Family lawyer organisation, Resolution, has issued two joint notes to assist family lawyers in England and Wales ahead of the end of the Brexit transition/implementation period at 11 pm on 31 December...
The Home Office has extended the power of courts to issue restraining orders in domestic violence cases allowing them to grant orders following conviction for any offence.
The change, which comes into effect on 30 September, will also allow courts to issue a restraining order where someone has been acquitted, if it's considered necessary to protect a named person from harassment in the future.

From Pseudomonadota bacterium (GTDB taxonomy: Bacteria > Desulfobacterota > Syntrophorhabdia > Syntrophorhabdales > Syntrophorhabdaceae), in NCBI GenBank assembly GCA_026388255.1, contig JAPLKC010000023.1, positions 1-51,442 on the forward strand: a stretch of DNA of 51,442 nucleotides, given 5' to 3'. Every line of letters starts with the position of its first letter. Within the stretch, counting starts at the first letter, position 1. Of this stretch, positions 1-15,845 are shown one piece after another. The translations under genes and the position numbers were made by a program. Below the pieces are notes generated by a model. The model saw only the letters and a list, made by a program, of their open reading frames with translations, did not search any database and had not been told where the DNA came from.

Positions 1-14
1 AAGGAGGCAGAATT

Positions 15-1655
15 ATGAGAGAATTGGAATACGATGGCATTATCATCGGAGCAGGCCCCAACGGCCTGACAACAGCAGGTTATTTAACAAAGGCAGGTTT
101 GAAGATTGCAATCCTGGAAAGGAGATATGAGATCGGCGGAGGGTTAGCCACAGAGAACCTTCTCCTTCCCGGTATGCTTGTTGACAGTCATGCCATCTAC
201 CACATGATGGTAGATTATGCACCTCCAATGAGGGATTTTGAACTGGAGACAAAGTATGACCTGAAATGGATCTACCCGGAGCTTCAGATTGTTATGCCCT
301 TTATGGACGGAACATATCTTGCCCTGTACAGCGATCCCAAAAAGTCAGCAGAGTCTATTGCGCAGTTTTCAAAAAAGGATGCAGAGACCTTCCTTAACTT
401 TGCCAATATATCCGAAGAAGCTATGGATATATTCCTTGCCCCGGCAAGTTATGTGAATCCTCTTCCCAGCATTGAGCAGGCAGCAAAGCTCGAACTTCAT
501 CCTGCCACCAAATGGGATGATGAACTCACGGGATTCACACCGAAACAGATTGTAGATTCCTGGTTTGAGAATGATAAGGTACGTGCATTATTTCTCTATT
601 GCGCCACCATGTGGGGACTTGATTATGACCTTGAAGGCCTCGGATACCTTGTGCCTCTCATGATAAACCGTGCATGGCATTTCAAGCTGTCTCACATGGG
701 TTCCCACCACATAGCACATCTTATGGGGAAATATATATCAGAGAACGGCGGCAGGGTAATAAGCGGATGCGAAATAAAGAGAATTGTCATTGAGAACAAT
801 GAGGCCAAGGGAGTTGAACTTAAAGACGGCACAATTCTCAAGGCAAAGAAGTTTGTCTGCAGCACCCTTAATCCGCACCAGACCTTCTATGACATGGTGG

Restraining orders are used to protect victims from harassment, including domestic abuse. Breaking the terms of a restraining order is a criminal offence punishable by up to five years in prison. Courts have previously only been able to issue them in limited circumstances - where the defendant has been convicted of harassment or putting someone in fear of violence.
Home Office Minister Lord West said that the new powers will help "victims in need of immediate protection and spare them the need to take separate civil action."